Last week, on June 5, the Senate Select Committee on Intelligence held a hearing on the Foreign Intelligence Surveillance Act (FISA) and legislative proposals to reform its provisions to address systemic abuses by the National Security Agency (NSA). C-SPAN recorded the hearing, and has posted both video and full text of the testimony and exchanges with Senators.

Harley Geiger from the Center for Democracy & Technology delivered especially informative testimony, explaining that:

Although questions remain and further debate is needed in many areas, a near consensus has emerged on a critical issue that has been of central focus to the American public: The government’s bulk collection of records of phone calls and emails to, from and within the United States is both intrusive and unnecessary, and Congress must act to prohibit this activity.

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A Deep Dive into the House’s Version of Narrow NSA Reform: The New USA Freedom Act

Monday, May 19, 2014 at 9:33 am by

This post was originally published by Mark Jaycox at EFF’s Deeplinks blog on May 18, 2014 and is shared with permission.

NSA reform is finally moving in Congress. Last year, Senator Patrick Leahy and Representative Jim Sensenbrenner introduced the USA Freedom Act, one of the first comprehensive bills to address multiple aspects of the NSA’s spying. The Senate version has languished since October, but last week the House Judiciary Committee (chaired by Rep. Bob Goodlatte) introduced and passed out of committee a heavily rewritten House version. As a result, two versions of the USA Freedom Act exist: the narrowed House version and the more encompassing Senate version. The movement in the House is a good indication that Congress is still engaged with NSA reform, but the House’s bill must be strengthened and clarified to ensure that it accomplishes one of its main intentions: ending mass collection.

Here’s how the House version of the USA Freedom Act compares to the Senate’s version, what the new House version of the USA Freedom Act does, and what it sorely lacks.

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CIA stonewalling transparency on torture even after Senate vote

Thursday, May 15, 2014 at 8:55 am by

The nation is still waiting to hear from the Obama administration regarding its declassification of the Senate Intelligence Committee’s report on the CIA’s practice of torture under the Bush administration. On April 3, the committee voted 11-3 to declassify a four hundred page summary of its much larger report of over six thousand pages.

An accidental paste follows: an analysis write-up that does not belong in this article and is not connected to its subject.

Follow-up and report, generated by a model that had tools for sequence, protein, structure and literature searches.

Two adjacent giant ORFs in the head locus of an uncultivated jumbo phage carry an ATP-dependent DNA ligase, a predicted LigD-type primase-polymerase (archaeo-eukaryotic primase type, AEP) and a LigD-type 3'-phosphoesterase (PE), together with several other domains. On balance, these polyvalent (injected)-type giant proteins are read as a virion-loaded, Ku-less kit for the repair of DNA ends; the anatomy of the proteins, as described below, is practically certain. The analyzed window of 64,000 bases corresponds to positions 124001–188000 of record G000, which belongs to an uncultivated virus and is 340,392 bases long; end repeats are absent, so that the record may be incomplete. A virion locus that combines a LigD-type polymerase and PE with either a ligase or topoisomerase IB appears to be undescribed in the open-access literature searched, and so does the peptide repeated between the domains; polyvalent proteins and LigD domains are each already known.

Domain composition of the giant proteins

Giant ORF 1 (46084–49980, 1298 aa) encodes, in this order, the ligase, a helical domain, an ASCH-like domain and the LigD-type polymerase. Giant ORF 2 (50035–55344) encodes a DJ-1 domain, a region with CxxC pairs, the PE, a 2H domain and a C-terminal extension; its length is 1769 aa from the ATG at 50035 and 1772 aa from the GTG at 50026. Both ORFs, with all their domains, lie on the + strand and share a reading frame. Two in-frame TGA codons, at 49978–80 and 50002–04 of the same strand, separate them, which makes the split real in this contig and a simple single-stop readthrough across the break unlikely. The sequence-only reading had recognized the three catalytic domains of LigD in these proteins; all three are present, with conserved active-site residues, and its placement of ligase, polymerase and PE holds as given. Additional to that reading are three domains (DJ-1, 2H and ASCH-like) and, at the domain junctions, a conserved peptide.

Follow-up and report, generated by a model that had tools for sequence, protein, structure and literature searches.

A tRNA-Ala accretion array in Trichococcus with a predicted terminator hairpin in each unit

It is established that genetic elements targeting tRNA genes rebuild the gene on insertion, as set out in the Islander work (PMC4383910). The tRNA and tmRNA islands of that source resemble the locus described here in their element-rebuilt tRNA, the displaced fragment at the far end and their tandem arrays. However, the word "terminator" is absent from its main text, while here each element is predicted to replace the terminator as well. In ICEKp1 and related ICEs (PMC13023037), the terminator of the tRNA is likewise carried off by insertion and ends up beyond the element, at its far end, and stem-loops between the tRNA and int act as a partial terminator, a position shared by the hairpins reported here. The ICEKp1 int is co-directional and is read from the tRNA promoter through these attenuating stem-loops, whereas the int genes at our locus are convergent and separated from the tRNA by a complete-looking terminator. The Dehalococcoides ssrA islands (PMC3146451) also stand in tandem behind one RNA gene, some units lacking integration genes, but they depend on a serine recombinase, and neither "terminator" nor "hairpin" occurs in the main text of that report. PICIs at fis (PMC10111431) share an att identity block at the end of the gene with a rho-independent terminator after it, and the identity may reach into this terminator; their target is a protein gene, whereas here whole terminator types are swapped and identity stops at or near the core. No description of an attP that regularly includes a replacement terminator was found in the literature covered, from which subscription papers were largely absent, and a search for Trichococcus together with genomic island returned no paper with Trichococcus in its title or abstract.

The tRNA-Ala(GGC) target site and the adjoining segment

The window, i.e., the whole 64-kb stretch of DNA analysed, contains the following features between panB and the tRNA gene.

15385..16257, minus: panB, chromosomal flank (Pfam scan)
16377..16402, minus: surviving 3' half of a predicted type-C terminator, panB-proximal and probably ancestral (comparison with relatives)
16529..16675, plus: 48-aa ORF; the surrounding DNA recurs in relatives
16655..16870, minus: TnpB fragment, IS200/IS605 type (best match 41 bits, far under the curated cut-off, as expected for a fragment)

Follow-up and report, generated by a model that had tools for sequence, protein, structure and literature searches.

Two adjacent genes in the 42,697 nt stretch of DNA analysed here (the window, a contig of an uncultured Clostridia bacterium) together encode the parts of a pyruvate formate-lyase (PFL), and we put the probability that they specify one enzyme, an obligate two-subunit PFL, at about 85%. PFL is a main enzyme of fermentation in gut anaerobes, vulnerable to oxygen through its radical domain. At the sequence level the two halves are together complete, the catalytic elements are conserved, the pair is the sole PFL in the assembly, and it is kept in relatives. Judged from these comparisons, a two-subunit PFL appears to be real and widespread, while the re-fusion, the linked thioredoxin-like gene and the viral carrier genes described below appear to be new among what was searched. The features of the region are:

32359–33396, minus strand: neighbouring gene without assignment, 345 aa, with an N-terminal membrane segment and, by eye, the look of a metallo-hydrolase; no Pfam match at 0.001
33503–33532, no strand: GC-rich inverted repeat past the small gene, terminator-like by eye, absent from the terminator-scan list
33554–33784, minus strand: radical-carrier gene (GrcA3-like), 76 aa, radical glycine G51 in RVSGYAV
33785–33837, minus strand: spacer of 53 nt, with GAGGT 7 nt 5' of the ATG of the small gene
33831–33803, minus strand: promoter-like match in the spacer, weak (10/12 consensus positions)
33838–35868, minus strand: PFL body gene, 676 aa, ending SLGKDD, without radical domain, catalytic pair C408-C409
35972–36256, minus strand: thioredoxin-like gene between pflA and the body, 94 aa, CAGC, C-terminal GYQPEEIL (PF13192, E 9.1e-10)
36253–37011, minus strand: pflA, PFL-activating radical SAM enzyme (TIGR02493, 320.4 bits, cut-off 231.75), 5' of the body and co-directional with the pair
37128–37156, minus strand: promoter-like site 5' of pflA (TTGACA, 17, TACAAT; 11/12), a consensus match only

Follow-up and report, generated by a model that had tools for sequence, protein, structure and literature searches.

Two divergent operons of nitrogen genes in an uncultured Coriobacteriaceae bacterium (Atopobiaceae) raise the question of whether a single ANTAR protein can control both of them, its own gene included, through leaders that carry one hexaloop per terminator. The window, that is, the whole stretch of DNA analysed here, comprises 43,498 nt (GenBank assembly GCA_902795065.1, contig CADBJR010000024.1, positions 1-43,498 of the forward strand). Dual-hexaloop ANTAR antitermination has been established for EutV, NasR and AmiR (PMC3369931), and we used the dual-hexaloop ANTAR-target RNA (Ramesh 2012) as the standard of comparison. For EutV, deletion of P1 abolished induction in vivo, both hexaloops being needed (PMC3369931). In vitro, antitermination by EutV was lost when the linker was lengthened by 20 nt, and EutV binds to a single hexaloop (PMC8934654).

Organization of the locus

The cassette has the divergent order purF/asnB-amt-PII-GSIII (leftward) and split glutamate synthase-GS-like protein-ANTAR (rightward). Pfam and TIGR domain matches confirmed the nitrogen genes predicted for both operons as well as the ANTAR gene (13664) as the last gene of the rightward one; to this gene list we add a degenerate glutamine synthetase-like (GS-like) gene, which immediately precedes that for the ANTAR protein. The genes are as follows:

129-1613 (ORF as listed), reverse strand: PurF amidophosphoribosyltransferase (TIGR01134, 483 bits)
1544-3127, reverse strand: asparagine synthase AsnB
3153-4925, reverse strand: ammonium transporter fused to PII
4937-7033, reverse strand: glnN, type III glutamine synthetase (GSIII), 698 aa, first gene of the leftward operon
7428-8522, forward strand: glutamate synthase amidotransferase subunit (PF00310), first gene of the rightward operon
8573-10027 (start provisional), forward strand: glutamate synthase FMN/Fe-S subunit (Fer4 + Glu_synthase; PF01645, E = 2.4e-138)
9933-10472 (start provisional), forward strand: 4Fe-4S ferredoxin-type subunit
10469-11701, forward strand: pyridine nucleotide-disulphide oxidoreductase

The committee gave the Obama administration the ability to redact whatever it deems harmful to national security. The administration, however, has allowed the CIA to take the lead on the redaction process, causing concern among many observers that the CIA may be focused more on protecting its reputation than national security.

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Constitution in Crisis :: BORDC May Newsletter

Wednesday, May 14, 2014 at 9:55 am by

Constitution in Crisis

May 2014, Vol. 13 No. 05

View this newsletter as a webpage: http://www.bordc.org/newsletter/2014/05


Cities around the country say: fusion centers are wasteful, fraudulent, and perpetuate racial profiling

Diverse, multiracial grassroots coalitions from around the country held teach-ins, press conferences, and actions to challenge civil liberties violations by fusion centers, which coordinate the surveillance activities of local police alongside federal agencies like the NSA and FBI.



BORDC Analysis

Read the latest news & analysis from the People’s Blog for the Constitution

Have you read BORDC’s blog lately? The People’s Blog for the Constitution features news & analysis beyond the headlines.

Highlights from the past month include:


Grassroots News

Grassroots updates

To view campaigns supported by BORDC at a glance, visit our interactive campaign maps for local coalitions addressing surveillance and profiling by local law enforcement, or military detention under the NDAA. To get involved in any of these efforts, please email the BORDC Organizing Team at organizing (at) bordc (dot) org. We’re eager to hear from you and help support your activism!